|A taxi overshoots the stop line (red arrow) on Council House Street. A policeman (right) rides pillion without a helmet on Bagbazar Main Road on Sunday.
Pictures by Sanjoy Chattopadhyaya
Driving in Calcutta is an edge-of-the-seat experience: the car in front suddenly stops and takes a left without indicating or the taxi on the right zigzags through the traffic or the intrepid biker shows his gelled hair rather than a helmet on his head.
Metro trailed some of the 165 cars that participated in the 10th Kolkata on Wheels Car Treasure Hunt on Sunday morning and found, not surprisingly, how motorists who were not part of the rally consigned the drivers’ manual to the wind. The rally drivers drove on routes of their choice and earned points based on safe driving and adherence to traffic rules.
Though traffic was thinner on Sunday compared with weekdays, the rule violations weren’t. “The rules are in place to ensure safety of the citizens. A rally on road safety is a good initiative and should help the police,” the deputy commissioner of police (traffic), Dilip Adak, said.
At almost every intersection, vehicles overshot the stop line and, in many cases, blocked the zebra crossing for pedestrians. At a crossing on Council House Street, the driver of a Toyota Altis participating in the rally stopped a good 3ft before the line but a taxi went past the mark — an offence that attracts a fine of Rs 100. At the Gairahat intersection, the zebra crossings were completely overrun by cars, autorickshaws and buses. “It’s worst on weekdays. Cops on duty do nothing,” said Ruma Roychowdhury of Cornfield Road, who walks through Gariahat every day on her way to work.
Motorists shrugged when asked why they don’t stop at the line. “Markings at several crossings have faded or are absent,” one of them said.
Illegal U-turns are common too, even when proper signage clearly indicates that a particular intersection is not free for such manoeuvres. Deputy commissioner (traffic) Adak said autos violate this rule with impunity. “We haul them up regularly,” he said.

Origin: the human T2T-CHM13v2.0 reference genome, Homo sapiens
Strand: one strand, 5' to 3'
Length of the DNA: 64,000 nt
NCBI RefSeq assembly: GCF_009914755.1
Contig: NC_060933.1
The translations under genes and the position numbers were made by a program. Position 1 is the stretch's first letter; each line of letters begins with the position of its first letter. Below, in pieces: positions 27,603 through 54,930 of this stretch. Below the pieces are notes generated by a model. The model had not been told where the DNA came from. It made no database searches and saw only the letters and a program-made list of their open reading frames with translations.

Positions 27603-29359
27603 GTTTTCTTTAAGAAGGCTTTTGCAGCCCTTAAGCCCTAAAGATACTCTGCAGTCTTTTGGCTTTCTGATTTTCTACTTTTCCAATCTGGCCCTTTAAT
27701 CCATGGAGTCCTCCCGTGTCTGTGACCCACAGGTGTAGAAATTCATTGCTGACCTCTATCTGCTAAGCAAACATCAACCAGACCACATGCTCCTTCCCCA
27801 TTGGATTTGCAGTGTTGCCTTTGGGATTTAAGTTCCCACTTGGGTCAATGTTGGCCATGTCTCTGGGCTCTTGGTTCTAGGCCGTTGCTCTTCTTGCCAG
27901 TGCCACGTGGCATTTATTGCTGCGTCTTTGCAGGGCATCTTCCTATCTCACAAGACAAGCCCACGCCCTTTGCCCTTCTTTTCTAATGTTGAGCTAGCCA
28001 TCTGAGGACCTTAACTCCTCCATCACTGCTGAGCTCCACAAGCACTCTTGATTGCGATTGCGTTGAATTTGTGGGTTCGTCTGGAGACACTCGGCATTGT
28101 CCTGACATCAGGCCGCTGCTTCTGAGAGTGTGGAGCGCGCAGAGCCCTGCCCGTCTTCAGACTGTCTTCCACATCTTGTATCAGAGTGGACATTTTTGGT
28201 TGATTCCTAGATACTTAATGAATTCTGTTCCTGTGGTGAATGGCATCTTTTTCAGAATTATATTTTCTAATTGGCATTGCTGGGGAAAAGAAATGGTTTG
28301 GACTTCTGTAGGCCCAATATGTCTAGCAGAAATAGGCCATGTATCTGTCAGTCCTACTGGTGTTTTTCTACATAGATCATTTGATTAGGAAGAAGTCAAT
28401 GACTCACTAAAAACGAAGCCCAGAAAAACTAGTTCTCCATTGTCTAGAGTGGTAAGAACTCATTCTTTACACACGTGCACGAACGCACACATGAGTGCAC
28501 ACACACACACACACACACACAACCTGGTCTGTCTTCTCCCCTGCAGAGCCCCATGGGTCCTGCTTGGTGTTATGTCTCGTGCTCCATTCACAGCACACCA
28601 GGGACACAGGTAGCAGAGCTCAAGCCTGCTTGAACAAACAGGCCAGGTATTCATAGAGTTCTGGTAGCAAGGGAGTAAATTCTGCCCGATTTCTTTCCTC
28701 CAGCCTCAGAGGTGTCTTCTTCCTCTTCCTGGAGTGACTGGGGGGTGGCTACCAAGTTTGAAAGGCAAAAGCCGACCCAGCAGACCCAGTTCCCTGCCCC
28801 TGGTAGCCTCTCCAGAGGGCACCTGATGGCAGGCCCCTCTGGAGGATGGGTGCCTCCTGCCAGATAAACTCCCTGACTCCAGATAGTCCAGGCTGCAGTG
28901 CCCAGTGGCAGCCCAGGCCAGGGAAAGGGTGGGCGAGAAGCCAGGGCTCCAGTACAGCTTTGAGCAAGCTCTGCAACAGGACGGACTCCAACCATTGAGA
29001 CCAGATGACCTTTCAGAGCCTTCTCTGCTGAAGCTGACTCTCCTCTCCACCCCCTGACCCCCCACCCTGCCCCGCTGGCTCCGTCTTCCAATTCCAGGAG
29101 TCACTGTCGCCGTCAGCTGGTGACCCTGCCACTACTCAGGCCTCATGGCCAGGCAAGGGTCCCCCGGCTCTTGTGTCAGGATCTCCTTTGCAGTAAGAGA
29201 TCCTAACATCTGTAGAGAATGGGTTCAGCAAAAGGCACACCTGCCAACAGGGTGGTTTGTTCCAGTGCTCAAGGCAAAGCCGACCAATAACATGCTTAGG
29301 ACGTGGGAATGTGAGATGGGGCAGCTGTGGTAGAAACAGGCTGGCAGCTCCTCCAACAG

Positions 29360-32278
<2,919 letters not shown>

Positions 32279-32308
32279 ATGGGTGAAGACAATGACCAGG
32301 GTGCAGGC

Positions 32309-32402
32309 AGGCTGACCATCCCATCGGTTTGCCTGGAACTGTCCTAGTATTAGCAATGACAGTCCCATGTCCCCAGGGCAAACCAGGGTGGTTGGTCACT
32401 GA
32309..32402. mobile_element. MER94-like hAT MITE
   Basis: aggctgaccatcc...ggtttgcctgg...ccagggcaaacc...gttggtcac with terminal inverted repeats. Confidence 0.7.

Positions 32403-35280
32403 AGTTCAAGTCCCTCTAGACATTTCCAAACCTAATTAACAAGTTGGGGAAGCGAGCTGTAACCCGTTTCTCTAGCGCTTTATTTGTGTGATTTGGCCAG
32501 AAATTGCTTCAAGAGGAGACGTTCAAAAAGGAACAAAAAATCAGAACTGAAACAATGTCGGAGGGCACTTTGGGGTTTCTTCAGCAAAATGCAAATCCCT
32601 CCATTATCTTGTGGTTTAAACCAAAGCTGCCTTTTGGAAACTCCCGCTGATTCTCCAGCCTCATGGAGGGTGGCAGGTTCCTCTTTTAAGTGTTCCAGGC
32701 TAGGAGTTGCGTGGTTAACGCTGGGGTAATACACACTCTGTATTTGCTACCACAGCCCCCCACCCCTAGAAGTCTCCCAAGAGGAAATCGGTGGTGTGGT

Lane driving is almost nil and cars seldom turn on the indicator lights before moving left or right. “We are sometimes forced to change lanes… lane markings are missing from almost all the roads,” said trader Ronald Bhowmick, driving a Hyundai Eon near Science City.
“We impose fines (Rs 100) on motorists who forget to switch on the indicator lights,” Adak said.
Speaking on cell phones while driving a car or a bike is a serious offence but the talkative Indian gives two hoots to his own safety and those of others on the road. “Bikers hide their phones inside their helmets and talk, motorists use Bluetooth devices. It’s a menace we haven’t been able to control despite slapping fines (Rs 100),” a senior police officer said.
From taxi drivers to pretty young things behind the wheel, everyone’s reluctant to fasten the seat belt. A young cabbie at the Shyambazar intersection said he “does wear the seat belt but today is Sunday… less cops”. Now beat that, people wear the belt to avoid getting booked and paying a fine (Rs 100) but not for their safety!
Souvik Ghosh, convenor of the “safety-first” rally, said: “The belt can keep your ribs from ramming into the steering wheel and the head from smashing against the windshield in an accident. Awareness is missing in Calcutta.”
Helmets may save your head but ruin the hairstyle! Reason enough not to wear one. Even the cops probably take it easy because a traffic sergeant was zipping down Bagbazar Main Road with a constable without a helmet as pillion. Bikers are supposed to wear covered shoes too. But 70 per cent of them were in sandals on Sunday.